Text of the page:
I had assumed that Season One’s “true crime” story was an indication of what the series would be about; but in fact, I think what defines Serial (as evidenced by the name) is the format, not the subject matter. So I suppose any subject that’s fit for documentary treatment is fair game.

    Great assessment – I couldn’t agree more.

    The only thing I would add is the show’s poorly disguised liberal leanings. It’s clear to me that they set out to show that Bergdahl is innocent of the charge of collaboration. Unfortunately for them, it doesn’t erase the fact that he abandoned his colleagues and put large numbers of US servicemen and women at risk.

    • #38
  9. A-Squared Inactive
    A-Squared
    @ASquared

    Last Outpost on the Right: The follow-on to Season 1 – Undisclosed – is very compelling, and resolves the indecision.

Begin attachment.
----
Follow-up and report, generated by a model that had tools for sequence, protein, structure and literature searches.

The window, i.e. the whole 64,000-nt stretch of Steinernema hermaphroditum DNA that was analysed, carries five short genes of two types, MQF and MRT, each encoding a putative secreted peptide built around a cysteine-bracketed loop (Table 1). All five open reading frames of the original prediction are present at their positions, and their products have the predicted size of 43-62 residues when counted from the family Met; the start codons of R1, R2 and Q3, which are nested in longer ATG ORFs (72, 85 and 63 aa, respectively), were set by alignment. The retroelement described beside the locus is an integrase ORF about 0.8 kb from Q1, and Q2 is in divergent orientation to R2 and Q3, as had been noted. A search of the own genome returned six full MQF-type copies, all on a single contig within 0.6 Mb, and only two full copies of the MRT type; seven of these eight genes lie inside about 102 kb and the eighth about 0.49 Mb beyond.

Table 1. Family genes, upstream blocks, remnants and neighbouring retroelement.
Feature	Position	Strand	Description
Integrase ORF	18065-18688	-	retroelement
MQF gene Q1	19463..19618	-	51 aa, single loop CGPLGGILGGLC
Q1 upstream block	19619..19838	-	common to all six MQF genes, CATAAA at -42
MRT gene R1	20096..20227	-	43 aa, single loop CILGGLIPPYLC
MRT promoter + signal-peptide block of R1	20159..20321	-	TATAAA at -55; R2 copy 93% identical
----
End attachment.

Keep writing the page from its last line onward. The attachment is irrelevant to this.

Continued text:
I’ve seen the podcast, but haven’t listened because I’m not sure how much I care about the case.  However, I’m curious.  Would you elaborate what you mean when you say it “resolves the indecision”?

    • #39
  10. PTomanovich Member
    PTomanovich
    @PTomanovich

    One other omission that bothered me was the lack of emphasis on the disastrous impact that the manhunt for Bergdahl had on the relations between the US military and the Afghan people.  Whereas in the past, the soldiers went out of their way to build trust with the locals, during the manhunt all niceties (e.g. never forcing women to show their faces) were abandoned in service to finding Bergdahl.

    The irony is that the military was behaving in ways that the NPR listeners would approve of (at least in terms of respecting local customs) but because of Bergdahl were forced to abandon them, and act in ways that I’m sure most NPRers assume they always act.

    I’ll probably keep listening just to know what new evidence turns up.  And in terms of punishment, I will leave that up to the military.  But I will not be surprised (nor disappointed) if his punishment is more severe than Koenig thinks just.

    He did enormous damage to what took years and many lives to accomplish, and the military must do all it can to prevent future Bergdahls.

    • #40
  11. A-Squared Inactive
    A-Squared
    @ASquared